Chapter 1

Ashima, a recent immigrant to the United States from India, feels contractions when she calls to her husband, Ashoke, to take her to the hospital. As she waits to deliver her baby, Ashima thinks of how she and her husband met and their shared interest in literature. While Ashoke waits, he recalls an incident on a train in India where he meets a man who encourages him to travel abroad, then gets killed with other passengers when the train derails.

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Chapter 2

Ashima gives birth to a son, and they send a letter to India to inform their family. According to Bengali tradition, they must wait for Ashima’s grandmother to name the baby, but instead of waiting, the couple resolves on naming him Gogol, after Ashoke’s literary idol. One evening, Ashima’s brother calls with news that her father has died of a heart attack, and Ashima, Ashoke, and Gogol begin their long journey to India.

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Chapter 3

When Gogol is five years old, Ashima becomes pregnant with a daughter, Sonia. On Gogol’s first day of school, his parents say he will have to present himself with a new name (“Nikhil”) but at school, he insists on Gogol. Gogol feels alienated in school by his classmates who frequently make fun of his name.

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Chapter 4

Ashoke gives Gogol a copy of Nikolai Gogol’s short stories and relates the significance of his name, but Gogol brushes aside the gift. When Gogol enters tenth grade, Ashoke and Ashima announce that they will spend several months in Calcutta. While there, Gogol and Sonia feel out of place. In Gogol’s eleventh grade English class, his teacher assigns the works of Nikolai Gogol, which makes Gogol despair when he learns about the writer’s difficult life and question why his parents named him after such a luckless author.

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Chapter 5

By the time Gogol begins college, he has officially changed his name to Nikhil. He begins dating Ruth, a fellow student, for over a year before she heads to Oxford, but when she returns they find that their relationship has fizzled. Ashoke eventually reveals to Gogol about the train in India that almost killed him, and how it was in that moment that his love for Nikolai Gogol was solidified, and that Gogol’s namesake is indicative of his love for his son.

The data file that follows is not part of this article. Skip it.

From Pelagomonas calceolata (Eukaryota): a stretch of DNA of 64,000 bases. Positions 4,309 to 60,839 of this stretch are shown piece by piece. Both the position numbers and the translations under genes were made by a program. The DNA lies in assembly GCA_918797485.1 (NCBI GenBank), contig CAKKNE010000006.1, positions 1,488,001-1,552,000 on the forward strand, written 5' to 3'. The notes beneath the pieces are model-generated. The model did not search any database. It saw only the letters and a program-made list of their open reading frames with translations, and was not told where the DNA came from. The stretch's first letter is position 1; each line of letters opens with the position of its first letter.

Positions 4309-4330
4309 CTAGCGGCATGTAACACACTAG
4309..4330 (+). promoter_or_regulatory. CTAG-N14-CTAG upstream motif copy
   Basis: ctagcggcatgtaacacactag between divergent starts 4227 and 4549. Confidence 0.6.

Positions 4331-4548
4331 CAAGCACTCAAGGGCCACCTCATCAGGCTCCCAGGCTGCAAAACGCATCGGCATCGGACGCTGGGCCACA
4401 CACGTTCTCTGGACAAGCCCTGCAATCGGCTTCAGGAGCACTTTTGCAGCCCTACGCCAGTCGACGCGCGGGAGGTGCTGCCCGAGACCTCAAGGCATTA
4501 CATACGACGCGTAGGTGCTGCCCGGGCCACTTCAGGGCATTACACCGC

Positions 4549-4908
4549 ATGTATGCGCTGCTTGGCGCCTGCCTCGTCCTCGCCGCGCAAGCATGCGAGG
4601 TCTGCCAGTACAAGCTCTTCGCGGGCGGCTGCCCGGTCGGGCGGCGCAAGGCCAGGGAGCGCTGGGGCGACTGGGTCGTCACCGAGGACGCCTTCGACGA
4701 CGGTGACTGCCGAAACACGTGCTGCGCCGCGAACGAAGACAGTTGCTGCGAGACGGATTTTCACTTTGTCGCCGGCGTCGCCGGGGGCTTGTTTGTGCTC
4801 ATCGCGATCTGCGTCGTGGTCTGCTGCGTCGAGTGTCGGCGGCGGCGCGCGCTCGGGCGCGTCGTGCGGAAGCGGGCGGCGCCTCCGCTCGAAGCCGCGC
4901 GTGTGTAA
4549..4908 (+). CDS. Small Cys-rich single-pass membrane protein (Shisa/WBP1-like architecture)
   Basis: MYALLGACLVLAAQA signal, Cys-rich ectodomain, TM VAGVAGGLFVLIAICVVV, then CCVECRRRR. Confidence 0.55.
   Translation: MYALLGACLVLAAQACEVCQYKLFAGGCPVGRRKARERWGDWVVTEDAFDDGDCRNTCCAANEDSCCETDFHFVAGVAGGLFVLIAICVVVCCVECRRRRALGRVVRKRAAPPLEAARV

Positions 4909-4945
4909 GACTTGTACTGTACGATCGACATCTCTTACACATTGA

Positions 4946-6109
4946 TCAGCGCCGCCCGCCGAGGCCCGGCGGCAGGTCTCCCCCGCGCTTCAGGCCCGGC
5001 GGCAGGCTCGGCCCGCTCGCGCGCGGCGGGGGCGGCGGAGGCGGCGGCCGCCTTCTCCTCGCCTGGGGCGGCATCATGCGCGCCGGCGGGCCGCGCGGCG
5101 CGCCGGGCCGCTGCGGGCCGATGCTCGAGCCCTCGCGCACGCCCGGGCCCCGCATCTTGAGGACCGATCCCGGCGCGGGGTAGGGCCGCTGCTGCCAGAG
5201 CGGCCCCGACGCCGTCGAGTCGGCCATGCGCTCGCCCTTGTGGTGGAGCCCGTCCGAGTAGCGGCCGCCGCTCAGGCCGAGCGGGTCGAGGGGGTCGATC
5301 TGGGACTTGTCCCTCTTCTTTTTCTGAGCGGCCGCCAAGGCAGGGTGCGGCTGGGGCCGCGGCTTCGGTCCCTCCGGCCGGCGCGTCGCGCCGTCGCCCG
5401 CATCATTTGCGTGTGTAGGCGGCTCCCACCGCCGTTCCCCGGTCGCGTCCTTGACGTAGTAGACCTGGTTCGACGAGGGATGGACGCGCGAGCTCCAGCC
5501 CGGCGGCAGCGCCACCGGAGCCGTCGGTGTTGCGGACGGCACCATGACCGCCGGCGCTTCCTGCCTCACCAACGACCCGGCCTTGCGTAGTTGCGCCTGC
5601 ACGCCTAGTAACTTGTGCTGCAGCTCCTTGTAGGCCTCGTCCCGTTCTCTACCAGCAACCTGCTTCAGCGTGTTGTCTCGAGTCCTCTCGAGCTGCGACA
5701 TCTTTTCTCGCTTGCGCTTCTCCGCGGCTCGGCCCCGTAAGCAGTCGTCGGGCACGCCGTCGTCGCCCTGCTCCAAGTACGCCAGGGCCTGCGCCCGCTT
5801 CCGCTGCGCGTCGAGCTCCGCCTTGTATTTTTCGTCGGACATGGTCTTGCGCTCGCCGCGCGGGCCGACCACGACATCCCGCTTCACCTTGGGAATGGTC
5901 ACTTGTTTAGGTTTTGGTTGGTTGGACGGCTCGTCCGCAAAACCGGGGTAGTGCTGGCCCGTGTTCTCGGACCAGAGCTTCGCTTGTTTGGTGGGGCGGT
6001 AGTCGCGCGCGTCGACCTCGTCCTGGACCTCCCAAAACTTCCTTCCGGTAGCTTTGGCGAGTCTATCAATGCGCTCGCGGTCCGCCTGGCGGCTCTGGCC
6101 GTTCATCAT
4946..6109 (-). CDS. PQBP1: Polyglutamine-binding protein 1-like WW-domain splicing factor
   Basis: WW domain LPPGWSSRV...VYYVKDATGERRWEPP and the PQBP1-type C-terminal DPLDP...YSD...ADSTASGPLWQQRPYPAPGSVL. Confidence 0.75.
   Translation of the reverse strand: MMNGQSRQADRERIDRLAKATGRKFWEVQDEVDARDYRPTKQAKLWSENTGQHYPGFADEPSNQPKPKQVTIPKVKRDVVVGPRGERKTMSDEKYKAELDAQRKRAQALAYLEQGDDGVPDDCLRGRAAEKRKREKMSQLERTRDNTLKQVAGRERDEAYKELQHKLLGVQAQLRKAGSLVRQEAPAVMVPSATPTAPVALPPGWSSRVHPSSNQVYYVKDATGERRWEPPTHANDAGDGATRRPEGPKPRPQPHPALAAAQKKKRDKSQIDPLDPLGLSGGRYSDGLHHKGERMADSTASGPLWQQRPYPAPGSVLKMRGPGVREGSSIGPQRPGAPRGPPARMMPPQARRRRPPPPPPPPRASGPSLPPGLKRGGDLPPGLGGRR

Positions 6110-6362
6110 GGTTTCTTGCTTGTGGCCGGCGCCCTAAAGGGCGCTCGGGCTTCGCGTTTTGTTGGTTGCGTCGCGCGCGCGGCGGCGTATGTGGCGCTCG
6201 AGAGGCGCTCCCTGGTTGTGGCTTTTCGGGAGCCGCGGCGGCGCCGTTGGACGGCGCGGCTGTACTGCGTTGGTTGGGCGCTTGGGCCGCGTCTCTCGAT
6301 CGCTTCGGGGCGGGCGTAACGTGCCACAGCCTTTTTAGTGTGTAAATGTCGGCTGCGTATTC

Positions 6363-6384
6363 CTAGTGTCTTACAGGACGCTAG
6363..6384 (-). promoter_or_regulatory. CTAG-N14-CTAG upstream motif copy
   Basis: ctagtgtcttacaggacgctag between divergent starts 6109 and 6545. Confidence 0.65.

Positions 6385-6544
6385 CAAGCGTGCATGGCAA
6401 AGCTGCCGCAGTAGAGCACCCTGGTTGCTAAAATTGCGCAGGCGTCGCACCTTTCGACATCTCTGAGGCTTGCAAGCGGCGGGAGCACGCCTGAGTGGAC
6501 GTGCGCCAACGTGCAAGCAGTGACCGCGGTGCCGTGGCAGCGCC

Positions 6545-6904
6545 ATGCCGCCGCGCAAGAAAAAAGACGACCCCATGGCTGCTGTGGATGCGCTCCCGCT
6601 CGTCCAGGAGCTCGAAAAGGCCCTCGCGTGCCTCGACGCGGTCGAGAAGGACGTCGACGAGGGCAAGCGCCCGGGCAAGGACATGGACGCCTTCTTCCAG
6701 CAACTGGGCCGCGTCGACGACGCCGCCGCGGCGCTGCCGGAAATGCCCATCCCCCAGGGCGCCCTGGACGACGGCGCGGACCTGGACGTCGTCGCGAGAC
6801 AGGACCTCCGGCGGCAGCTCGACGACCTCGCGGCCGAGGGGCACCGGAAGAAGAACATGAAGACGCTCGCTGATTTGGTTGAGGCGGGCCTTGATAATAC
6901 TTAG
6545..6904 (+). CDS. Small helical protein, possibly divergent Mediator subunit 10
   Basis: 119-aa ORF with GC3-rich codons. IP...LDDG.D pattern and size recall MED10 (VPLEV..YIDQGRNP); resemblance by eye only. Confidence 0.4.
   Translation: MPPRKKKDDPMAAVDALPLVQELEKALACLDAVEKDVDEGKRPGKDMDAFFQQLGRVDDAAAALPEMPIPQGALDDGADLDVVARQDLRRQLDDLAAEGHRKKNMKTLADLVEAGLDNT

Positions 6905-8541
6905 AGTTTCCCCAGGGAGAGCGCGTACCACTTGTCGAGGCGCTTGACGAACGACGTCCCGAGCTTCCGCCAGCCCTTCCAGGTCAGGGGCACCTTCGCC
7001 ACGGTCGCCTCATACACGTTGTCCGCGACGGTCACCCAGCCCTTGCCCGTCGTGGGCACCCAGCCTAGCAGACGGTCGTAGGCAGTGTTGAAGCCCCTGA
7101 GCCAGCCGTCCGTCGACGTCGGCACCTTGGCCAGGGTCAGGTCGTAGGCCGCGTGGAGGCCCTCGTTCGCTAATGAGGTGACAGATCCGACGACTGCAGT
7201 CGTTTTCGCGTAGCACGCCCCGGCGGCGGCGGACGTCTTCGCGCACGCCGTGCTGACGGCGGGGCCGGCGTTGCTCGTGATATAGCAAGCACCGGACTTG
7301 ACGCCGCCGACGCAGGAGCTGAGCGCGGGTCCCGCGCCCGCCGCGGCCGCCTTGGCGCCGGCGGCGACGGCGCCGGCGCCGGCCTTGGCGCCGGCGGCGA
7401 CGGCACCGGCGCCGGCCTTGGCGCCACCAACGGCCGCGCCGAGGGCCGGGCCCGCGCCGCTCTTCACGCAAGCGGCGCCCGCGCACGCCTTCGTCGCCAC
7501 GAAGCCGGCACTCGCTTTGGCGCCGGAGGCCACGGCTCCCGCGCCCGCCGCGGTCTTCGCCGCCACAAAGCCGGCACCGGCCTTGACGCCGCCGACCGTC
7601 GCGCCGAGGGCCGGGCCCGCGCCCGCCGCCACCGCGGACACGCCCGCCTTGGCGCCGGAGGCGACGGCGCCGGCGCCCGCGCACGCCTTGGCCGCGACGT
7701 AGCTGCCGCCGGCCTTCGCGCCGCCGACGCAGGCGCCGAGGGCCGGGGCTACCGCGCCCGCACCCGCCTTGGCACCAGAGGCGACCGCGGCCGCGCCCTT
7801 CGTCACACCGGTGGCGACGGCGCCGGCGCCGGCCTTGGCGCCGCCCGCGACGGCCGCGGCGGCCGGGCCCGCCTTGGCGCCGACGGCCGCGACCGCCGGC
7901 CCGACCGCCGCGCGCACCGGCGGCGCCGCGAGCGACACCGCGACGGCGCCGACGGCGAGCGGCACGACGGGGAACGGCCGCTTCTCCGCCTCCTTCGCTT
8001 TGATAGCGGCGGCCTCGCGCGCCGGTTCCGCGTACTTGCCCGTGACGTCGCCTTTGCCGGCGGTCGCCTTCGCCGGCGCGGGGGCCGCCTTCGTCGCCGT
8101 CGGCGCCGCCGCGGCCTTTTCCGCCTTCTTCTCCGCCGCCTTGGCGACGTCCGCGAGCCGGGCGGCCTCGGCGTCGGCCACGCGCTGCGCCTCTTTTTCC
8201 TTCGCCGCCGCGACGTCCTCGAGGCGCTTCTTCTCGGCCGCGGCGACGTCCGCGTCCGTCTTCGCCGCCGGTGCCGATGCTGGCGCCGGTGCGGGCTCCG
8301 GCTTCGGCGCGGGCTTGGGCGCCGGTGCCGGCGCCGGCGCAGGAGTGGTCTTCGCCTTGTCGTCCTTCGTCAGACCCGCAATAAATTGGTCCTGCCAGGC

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Chapter 6

Years later, Gogol lives in New York where he meets Maxine and quickly falls in love. Gogol decides to introduce Maxine to his parents. Gogol spends more time with Maxine’s family, and he falls in love with their culturally savvy and well-versed way of life.

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Chapter 7

Ashoke dies from a heart attack. After learning of his father’s passing, Gogol takes care of his father’s belongings and observes a period of family mourning, all the while pushing Maxine aside. Ashima takes care of the logistical details, and while on the train back to New York, Gogol daydreams about a trip he and his father once took.

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Chapter 8

Gogol and Maxine break up. Ashima sets Gogol up with Moushumi, and their romance grows quickly.

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Chapter 9

Gogol and Moushumi get married in a traditional Bengali ceremony. Later, they attend a dinner at Moushumi’s friends’ apartment where a discussion of names comes up, and Gogol grows upset when he learns Moushumi stayed with these friends after a hard break-up.

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Chapter 10

Cracks in Moushumi and Gogol’s relationship form after their first wedding anniversary, when Moushumi recalls a man named Dimitri whom she met years ago. The two begin an affair, with Gogol none the wiser.

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Chapter 11

Gogol awakes in bed one morning alone and is troubled by thoughts of his strained relationship with Moushumi. For Christmas, Gogol decides to give Moushumi a trip to Italy for the two of them.

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Chapter 12

On a train, Gogol, now separated from Moushumi, reminisces on the past. When he goes to his family’s holiday party, he wanders to his old room, finds the collection of Nikolai Gogol stories Ashoke gave him, and relishes in the thought of reading the stories and how it will connect him with his father.

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